Skip to content
Jump to


Dr Jim Bennett, Museum of the History of Science, University of Oxford

Blackboards were wiped after use: they were meant for immediate communication, not for record. Even as they were being used, their messages were continuously revised, erased and renewed. But when Einstein went to Oxford in 1931, he was already an international celebrity. After one of his lectures a blackboard was preserved and has become a kind of relic. It is the most famous object at the Museum of the History of Science in Oxford.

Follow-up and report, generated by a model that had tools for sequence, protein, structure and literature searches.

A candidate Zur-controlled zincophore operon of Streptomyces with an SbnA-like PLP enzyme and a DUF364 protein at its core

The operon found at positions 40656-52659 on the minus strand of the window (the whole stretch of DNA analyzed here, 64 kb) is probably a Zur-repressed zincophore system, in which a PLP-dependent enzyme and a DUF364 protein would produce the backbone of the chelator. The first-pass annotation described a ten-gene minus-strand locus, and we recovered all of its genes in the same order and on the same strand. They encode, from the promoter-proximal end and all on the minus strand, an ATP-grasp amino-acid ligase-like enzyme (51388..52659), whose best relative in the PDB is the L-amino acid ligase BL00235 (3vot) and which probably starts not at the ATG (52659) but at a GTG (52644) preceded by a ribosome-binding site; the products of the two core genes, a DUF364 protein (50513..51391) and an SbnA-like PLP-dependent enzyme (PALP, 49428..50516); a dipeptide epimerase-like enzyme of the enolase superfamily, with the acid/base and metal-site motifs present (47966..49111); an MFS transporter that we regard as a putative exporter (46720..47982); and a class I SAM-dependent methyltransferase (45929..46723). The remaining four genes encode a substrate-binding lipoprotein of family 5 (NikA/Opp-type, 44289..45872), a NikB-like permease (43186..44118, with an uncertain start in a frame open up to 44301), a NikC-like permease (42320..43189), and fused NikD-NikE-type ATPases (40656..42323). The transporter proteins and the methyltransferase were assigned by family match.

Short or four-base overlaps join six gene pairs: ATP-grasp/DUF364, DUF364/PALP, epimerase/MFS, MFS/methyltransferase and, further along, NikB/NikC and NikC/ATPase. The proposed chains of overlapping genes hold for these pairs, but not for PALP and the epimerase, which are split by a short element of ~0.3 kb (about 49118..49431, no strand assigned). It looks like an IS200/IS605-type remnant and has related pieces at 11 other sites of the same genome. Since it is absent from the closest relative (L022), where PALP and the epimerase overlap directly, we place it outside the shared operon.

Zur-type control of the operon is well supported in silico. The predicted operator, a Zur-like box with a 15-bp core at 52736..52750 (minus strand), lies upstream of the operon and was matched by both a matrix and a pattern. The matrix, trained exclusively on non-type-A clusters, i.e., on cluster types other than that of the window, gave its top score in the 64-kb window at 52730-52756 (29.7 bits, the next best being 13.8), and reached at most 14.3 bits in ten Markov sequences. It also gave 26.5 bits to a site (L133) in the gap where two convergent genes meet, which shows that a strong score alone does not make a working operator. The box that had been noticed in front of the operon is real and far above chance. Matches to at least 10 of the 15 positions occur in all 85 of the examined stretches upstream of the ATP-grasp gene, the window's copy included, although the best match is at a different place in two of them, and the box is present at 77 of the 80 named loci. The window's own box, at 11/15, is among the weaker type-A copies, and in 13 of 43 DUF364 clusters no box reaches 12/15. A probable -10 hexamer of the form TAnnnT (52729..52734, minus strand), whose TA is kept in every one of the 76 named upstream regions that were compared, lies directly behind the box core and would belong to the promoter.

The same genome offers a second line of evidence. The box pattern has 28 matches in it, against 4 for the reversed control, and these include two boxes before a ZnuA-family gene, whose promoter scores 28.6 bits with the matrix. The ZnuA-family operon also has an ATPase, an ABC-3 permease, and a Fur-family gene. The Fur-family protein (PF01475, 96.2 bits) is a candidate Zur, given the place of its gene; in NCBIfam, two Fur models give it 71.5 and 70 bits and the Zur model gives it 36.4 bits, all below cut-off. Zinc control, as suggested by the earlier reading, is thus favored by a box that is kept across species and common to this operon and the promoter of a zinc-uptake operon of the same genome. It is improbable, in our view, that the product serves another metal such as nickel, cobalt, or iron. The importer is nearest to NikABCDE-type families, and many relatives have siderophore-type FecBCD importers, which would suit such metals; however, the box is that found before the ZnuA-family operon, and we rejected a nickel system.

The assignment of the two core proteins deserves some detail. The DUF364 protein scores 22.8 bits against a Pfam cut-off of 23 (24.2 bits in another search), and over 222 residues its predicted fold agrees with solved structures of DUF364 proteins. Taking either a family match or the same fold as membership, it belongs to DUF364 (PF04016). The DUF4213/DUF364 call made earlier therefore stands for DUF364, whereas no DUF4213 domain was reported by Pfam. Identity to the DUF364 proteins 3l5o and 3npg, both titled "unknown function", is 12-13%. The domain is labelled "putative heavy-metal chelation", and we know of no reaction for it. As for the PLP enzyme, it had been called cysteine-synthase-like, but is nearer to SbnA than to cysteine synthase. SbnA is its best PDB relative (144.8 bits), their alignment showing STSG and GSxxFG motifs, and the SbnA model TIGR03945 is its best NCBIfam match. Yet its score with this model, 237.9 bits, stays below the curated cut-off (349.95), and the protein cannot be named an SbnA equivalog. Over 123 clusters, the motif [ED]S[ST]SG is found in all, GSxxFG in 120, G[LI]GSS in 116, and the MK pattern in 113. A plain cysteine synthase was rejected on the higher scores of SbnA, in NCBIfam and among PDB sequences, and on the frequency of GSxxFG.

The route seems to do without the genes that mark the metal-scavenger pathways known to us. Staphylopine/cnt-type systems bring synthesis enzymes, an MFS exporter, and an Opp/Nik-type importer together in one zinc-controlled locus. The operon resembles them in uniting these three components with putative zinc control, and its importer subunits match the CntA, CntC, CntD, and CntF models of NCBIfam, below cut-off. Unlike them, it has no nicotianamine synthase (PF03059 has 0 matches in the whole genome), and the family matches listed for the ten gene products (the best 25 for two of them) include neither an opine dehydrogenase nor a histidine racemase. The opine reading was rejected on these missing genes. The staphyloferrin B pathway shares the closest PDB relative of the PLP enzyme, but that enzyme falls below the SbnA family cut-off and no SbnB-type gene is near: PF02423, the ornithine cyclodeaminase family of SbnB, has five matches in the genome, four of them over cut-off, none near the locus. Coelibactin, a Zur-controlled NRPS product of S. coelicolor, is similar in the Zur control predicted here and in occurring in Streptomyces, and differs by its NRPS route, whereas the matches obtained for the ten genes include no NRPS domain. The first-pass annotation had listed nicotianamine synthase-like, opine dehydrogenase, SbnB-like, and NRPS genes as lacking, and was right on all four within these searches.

To mark the centenary of Einstein’s Special Theory of Relativity in 2005, the Museum commissioned a series of blackboards from scientists, artists and celebrities. The result was an exhibition about science, art, celebrity and nostalgia as the blackboard has all but vanished from meetings, classes and lectures. Einstein’s blackboard is too fragile to bring to London but six others are displayed here at the Summer Science Exhibition.